As an executive recruiter, there are many reasons why I have remained in the business for over 17 years. I have enjoyed the variety and senior level contact that my job provides, the work I have done across Canada and internationally, and the satisfaction I have received from placing executives with clients who have progressed on to more senior roles. Despite all this, there is one aspect of my job that never gets easier – “turning down a candidate”. As a recruiter, I am disrupting people’s lives, “pitching” a new opportunity and creating a competition for individuals where otherwise they were content in their current role. What I have learned over my career is that it’s very important to treat every candidate with respect as it’s a very small community. The following are the practices I follow when I have to make the dreaded phone call:

Be Timely

At the executive level, a search can take anywhere from 2-3 months (or longer). As I work hard to build a strong short-list for my client to interview, there will be many active or passive candidates that I will make contact with that won’t proceed to either the first or subsequent interviews with my client. The worst thing I can do is not inform my candidates that they are not moving forward and just go quiet. If there is no update, it’s better to say so than not say anything for weeks on end. It’s better to keep candidates informed than leave them wondering.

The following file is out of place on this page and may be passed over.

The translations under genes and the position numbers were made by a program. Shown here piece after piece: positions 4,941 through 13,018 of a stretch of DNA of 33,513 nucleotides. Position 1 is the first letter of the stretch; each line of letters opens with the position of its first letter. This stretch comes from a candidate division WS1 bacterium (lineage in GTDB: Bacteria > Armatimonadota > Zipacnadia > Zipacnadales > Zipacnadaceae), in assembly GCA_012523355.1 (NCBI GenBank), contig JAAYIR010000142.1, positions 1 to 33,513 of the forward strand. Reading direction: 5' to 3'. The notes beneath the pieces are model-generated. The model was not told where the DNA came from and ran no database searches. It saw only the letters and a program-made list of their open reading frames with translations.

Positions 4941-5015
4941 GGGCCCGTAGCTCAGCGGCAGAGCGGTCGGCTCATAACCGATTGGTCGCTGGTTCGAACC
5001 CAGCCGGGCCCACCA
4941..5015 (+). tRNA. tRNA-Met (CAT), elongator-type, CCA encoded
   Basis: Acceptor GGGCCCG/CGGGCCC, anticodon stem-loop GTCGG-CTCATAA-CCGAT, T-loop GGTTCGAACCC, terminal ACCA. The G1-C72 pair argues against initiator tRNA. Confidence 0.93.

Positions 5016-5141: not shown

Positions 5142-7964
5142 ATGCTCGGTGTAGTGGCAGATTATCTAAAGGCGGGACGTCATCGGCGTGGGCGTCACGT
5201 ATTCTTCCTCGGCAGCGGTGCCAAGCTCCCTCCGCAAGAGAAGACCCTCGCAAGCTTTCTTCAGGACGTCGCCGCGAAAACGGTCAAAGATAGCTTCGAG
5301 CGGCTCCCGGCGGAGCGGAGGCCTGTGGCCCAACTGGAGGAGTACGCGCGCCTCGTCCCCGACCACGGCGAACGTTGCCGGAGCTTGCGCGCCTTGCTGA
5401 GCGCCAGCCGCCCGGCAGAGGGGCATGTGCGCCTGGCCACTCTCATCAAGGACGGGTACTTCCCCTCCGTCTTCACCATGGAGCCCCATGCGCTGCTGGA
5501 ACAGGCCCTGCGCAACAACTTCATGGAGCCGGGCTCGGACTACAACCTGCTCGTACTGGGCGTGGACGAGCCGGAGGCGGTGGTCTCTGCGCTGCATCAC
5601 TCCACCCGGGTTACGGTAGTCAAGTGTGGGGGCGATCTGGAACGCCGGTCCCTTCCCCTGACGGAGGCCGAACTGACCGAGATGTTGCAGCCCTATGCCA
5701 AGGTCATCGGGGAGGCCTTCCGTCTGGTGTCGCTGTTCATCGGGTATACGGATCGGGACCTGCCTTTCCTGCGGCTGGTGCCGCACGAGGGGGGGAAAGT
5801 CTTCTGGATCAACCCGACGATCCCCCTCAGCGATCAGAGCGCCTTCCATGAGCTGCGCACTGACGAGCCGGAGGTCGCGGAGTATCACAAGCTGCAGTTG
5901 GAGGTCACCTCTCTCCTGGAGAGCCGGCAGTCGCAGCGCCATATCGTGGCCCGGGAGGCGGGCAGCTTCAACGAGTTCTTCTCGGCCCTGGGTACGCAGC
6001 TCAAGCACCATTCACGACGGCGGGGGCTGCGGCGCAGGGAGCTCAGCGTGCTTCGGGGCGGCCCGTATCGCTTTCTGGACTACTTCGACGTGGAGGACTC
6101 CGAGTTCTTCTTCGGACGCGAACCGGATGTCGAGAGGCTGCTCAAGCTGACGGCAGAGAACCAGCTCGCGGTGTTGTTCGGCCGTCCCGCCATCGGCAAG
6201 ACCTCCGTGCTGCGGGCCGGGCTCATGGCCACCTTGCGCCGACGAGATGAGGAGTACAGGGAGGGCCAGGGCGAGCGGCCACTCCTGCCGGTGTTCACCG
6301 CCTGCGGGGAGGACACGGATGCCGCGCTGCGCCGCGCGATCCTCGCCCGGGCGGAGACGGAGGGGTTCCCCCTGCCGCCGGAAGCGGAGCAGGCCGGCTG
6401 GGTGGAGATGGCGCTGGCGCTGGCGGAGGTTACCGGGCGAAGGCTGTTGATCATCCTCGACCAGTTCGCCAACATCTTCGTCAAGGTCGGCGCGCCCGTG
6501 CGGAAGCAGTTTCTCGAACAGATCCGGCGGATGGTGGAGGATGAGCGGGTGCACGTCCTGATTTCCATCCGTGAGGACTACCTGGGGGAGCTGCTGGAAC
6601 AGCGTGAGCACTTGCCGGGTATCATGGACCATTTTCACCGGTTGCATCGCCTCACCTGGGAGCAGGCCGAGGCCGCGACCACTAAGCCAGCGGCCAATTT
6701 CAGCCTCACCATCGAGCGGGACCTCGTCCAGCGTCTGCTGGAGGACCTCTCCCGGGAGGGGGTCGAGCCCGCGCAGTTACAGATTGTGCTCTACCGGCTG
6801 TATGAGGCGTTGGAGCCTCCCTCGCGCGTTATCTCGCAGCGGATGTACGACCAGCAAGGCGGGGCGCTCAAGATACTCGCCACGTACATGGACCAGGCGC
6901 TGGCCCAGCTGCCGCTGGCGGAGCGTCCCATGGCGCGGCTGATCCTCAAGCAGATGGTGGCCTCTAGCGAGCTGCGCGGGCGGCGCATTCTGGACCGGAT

Be Transparent and Open

If a candidate is not moving forward provide feedback…any feedback! Give them reasons why they are not moving forward as it will help them when they enter a competition for another opportunity. It may give them tips on what to work or improve on.

Be Respectful

Candidates invest a lot of time researching companies and preparing for an interview. Candidates are not being compensated for the time they are investing in the process, the least a recruiter can do is call the candidate and inform them that they are not moving forward. If the candidate has met with the client (possibly multiple times) and is not successful don’t email them, phone them!

Think Long-Term

People remember. An unsuccessful candidate can be a candidate in the future or possibly a client. If they haven’t had a positive experience with you, they are less likely to take your call again, consider you when they have a hiring need, or refer you to their network.  As a recruiter, you are your client’s ambassador in the market. How you treat candidates will not only reflect on your reputation but also on the reputation of your client.